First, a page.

The L-O-U Symphony will present its Fall Concert Monday, October 22 at 8:00 p.m. in the Ford Center for the Performing Arts. The program will open with W. A. Mozart’s Symphony in D major, K. 297. One of Mozart’s most famous symphonies and the first of his mature works in the form, it was composed for the orchestra of the Concert Spirituel, one of the finest orchestra in existence at the time. Mozart composed a brilliant work for an unusually large classical orchestra that could take advantage of the virtuosity of the great orchestra. It was a popular and critical success and repeated several time following its premier on June 12, 1788.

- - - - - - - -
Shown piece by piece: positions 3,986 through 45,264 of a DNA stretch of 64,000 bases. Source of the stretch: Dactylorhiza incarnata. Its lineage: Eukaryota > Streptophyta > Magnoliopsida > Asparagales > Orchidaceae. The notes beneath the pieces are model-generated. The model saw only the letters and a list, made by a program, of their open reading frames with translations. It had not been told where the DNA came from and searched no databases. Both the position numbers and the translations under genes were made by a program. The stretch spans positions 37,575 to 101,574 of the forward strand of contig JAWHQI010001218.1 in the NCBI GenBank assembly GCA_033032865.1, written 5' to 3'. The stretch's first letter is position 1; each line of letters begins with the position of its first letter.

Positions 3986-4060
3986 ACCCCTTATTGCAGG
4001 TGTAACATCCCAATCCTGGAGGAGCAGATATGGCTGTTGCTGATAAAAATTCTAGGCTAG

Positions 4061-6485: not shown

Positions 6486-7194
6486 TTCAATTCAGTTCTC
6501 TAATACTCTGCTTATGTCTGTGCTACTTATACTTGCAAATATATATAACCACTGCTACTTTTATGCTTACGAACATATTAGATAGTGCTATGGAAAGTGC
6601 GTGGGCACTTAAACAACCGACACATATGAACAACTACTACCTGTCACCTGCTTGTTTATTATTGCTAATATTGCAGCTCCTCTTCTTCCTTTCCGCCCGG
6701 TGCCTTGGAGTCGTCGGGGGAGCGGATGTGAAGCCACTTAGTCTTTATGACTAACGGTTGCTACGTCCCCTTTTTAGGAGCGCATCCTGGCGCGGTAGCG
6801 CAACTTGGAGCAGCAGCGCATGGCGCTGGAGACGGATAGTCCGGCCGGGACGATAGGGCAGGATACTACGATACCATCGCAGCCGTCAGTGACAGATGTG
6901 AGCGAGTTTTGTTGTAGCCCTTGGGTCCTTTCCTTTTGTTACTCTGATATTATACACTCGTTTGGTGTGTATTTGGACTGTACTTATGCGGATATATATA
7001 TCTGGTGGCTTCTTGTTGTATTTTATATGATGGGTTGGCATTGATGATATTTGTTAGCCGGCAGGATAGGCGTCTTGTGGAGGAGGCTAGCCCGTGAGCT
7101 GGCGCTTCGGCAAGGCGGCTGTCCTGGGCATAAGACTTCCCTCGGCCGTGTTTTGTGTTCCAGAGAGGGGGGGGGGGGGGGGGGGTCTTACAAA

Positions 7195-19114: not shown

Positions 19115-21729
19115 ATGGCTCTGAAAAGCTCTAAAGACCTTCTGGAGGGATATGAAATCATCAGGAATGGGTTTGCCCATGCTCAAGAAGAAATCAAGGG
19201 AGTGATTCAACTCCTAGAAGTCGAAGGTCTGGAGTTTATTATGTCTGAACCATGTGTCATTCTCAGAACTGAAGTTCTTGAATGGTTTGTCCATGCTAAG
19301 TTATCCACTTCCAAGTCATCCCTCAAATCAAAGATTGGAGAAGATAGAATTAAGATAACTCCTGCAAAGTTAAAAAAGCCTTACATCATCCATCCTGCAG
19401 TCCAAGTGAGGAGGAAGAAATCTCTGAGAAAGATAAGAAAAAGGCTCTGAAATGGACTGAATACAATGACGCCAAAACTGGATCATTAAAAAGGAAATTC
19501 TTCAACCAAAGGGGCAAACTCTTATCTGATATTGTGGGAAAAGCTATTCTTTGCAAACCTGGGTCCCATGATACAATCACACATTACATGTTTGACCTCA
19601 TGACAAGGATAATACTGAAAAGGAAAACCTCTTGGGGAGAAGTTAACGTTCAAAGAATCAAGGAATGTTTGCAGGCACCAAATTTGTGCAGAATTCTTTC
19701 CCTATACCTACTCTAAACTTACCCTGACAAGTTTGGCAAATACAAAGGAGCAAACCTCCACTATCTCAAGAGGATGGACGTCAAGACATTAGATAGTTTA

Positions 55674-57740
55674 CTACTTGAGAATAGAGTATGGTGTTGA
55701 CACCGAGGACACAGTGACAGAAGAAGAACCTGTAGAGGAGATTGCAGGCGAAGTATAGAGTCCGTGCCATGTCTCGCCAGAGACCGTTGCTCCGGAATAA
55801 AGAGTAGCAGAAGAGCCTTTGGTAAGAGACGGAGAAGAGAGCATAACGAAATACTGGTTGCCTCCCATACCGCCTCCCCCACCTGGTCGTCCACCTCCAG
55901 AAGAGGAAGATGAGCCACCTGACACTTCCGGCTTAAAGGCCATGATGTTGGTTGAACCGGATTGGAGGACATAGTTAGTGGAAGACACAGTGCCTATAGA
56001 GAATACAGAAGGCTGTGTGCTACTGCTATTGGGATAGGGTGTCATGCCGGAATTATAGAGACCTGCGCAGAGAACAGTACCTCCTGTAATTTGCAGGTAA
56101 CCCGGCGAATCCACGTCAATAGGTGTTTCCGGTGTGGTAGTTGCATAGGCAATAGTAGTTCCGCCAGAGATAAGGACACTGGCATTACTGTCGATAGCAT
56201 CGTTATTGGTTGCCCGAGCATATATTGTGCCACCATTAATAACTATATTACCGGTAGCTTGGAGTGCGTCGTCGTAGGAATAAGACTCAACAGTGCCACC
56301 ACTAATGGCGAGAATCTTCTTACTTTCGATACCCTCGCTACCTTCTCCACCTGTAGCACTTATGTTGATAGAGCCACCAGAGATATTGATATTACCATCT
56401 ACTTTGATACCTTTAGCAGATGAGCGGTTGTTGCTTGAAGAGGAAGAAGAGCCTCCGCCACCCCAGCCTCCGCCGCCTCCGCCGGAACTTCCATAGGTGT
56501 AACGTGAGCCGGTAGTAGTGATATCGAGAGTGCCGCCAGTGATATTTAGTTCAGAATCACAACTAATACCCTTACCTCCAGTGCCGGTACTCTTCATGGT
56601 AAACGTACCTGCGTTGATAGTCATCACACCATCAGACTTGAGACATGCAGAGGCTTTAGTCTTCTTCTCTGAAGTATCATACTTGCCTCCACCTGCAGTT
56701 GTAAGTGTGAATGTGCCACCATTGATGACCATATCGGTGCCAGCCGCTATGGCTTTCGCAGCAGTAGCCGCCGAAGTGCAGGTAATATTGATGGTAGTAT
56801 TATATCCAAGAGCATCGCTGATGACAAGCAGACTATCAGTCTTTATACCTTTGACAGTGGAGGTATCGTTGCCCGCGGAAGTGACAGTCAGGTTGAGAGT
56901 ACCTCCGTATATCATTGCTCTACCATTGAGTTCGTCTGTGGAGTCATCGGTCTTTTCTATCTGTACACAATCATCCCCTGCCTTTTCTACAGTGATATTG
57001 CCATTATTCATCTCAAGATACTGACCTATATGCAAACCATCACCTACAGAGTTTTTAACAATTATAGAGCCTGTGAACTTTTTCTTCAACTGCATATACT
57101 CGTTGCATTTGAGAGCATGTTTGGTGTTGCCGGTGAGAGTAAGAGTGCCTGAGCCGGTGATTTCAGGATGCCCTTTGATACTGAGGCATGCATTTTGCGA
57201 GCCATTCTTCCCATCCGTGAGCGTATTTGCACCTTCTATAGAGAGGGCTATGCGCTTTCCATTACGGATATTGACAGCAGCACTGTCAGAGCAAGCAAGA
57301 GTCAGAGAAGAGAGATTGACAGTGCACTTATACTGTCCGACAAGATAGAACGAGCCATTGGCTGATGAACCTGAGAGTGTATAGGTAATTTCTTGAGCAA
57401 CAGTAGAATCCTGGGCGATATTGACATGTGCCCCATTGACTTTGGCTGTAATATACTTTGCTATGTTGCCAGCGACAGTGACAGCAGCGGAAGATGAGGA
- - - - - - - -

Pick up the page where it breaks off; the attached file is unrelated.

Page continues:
Dr. Micah Everett, a new faculty member in the department of music, will join the orchestra as soloist in Johann Georg Albrechtsberger’s concerto for Alto Trombone and orchestra. Albrechtsberger was a contemporary of Joseph Haydn, and was well known as a theorist and teacher of composition. His most famous student was Ludwig van Beethoven. After intermission, the orchestra will perform the Simple Symphony by the English composer, Benjamin Britten. The symphony, for string orchestra, was composed by Britten based on piano works that he had created as a child. In spite of the name, it is a fully developed work using the full resources of the string ensemble. The program will close with three Slavonic Dances from the Op. 46 set by Antonin Dvorak. Inspired by Johannes Brahms Hungarian Dances, these Slavonic Dances were a “breakthrough” success for Dvorak, and have remained among the most enduring of his works for orchestra, along with his last three symphonies and other shorter works.
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